The troubled timeline of Manchester City’s Mario Balotelli – Part one

With Mario Balotelli moving across Europe from Inter to Manchester City, Football Italiano’s James Dielhenn takes a look at the baggage the 20-year-old brings with him.

Part one

November 2008: Balotelli’s biological parents conducted a series of low-key television interviews, stating their interest in becoming reacquainted with the son that they allowed a family from Brescia to adopt. The Ghanaian-born teenager attracted delicate publicity when he labelled his African family as glory hunters, and said he was not interested in meeting them again: “Nobody ever knew why they left me with my new family. But now I am a Serie A player, they want me back.”

November 2008: After bursting on to the scene last season under Roberto Mancini, it did not take long for animosity to begin with Inter’s new Coach, Jose Mourinho. Taking exception to the way that Balotelli was training on a day-to-day basis, Mourinho spoke out: “He trains at 25 per cent, if it was 50 per cent he could be one of the world’s best players.” Balotelli was sent to train with the club’s youth team for a couple of days before returning to the first-team fold.

January 2009: Balotelli’s lax attitude to training resurfaces. “Nothing has changed,” Mourinho complained, before suspending the striker from first-team activity for a month. Balotelli instructed his agent to find him a team to play for on loan until the end of the season, but Mourinho quashes any chance of him leaving: “I can’t accept this from somebody who is still a nobody, who hasn’t made it yet, who is still a talent with potential.”

February 2009: On turning 18, Balotelli obtained Italian citizenship and Under-21 Coach Pierluigi Casiraghi promptly called him up to represent his adopted nation for the first time. Casiraghi was holding a training camp in Trieste with a view to the summer’s upcoming European Under-21 Championships, but Balotelli was inexplicably late, and missed his flight. Claiming his overslept, the naturalised Italian had to drive himself to Trieste, where Casiraghi criticised his attitude.

February 2009: A thrilling 3-3 draw between Inter and Roma would have provided enough headlines of its own without the sub-plot of Balotelli’s involvement. He was targeted by the Roma fans and racially abused throughout, but his antics stole the show. He first seemingly dived to win a penalty which he then scored himself, further winding up the Roman Ultras who were goading him. After a second goal, Balotelli clearly looked towards the section of the Roma support that was abusing him and told them to shut up, before putting his finger to his lips in the direction of Christian Panucci. Roma did not take well to his apparent mockery of their veteran defender, and spent the rest of the match trying to kick respect into him. Roma were fined €8,000 for their fans’ racist chants.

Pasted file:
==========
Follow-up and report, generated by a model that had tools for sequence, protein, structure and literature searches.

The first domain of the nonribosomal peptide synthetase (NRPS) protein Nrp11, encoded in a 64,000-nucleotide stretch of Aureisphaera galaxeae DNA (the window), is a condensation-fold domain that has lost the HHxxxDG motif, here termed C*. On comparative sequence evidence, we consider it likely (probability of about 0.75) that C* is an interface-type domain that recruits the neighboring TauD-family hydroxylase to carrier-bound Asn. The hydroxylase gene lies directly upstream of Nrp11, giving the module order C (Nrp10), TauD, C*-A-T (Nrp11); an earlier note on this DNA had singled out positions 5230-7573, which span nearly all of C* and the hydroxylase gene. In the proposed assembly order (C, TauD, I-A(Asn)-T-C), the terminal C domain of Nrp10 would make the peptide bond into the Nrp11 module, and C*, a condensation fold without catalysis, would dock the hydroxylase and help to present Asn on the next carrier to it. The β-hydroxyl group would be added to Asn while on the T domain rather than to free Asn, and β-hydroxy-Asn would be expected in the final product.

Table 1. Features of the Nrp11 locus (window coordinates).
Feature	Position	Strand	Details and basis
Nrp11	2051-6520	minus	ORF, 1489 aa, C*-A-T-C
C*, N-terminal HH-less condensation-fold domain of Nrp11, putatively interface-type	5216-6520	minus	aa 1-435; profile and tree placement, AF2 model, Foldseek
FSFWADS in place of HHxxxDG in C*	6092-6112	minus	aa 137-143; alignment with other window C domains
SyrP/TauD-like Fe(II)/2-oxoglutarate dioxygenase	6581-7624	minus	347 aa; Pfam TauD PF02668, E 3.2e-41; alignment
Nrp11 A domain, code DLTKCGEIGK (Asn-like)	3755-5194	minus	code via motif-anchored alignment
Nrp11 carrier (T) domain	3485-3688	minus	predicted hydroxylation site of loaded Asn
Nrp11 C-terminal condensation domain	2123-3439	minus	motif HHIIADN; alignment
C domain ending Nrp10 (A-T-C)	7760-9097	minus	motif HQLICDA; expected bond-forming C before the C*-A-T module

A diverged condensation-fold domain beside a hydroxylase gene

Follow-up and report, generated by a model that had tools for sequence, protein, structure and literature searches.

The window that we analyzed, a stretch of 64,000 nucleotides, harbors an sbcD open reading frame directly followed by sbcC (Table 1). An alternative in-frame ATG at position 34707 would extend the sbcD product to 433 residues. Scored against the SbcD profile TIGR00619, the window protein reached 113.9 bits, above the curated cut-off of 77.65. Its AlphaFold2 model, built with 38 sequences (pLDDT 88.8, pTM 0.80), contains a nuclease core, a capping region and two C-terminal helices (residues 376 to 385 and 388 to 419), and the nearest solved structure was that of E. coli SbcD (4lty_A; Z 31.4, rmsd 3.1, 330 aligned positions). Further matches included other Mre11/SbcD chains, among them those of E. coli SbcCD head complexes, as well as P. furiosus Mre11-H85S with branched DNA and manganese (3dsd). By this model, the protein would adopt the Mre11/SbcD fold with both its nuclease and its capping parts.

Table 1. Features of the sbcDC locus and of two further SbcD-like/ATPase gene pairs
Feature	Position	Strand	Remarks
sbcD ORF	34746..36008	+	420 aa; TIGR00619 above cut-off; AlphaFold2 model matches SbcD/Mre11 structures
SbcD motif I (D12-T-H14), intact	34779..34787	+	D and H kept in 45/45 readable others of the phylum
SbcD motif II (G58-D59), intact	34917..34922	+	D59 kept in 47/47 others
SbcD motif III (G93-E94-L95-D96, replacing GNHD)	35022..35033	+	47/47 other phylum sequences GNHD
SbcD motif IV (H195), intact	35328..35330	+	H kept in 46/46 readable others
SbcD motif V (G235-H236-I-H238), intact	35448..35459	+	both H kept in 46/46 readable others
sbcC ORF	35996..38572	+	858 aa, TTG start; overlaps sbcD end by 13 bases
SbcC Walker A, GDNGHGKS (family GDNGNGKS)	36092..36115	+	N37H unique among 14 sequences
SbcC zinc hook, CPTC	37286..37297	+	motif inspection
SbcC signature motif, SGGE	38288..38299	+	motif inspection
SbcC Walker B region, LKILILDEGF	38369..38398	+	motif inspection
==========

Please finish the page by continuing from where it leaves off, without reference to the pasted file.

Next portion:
April 2009: As well as Roma, Balotelli could now count Juventus amongst his enemies. During the 1-1 draw between Juve and Inter at the Stadio Olimpico in Turin, in which Balotelli scored, the racist abuse of the youngster reached new heights. Chants proclaiming “there are no black Italians” came from sections of the Juve support throughout the match. His case was not helped when he started outrageously show-boating on the ball, prompting Tiago to kick out and get sent off. Afterwards, the Old Lady’s President Giovanni Cobolli Gigli condemned the fans who abused Super Mario, whilst Inter President Massimo Moratti claimed he would have pulled him team off the pitch if he was present in the stadium. Although Balotelli proudly declared that he was “more Italian than the Juventus fans,” interesting theories circulated that it was Balotelli’s personality, rather than his ethnicity, than warranted such abuse.

May 2009: Balotelli was racially abused at other grounds he visited. There was a particular example at Chievo Verona, where Inter were held to a 2-2 draw. Horrendous songs targeted Balotelli during the match, although he had a measure of revenge. After scoring a screamer reminiscent of Marco van Basten’s famous goal, he insinuated for the Chievo fans to stop with a finger over his lips. Predictably, it worsened the situation and Balotelli was seen to swear at the home fans after the final whistle.

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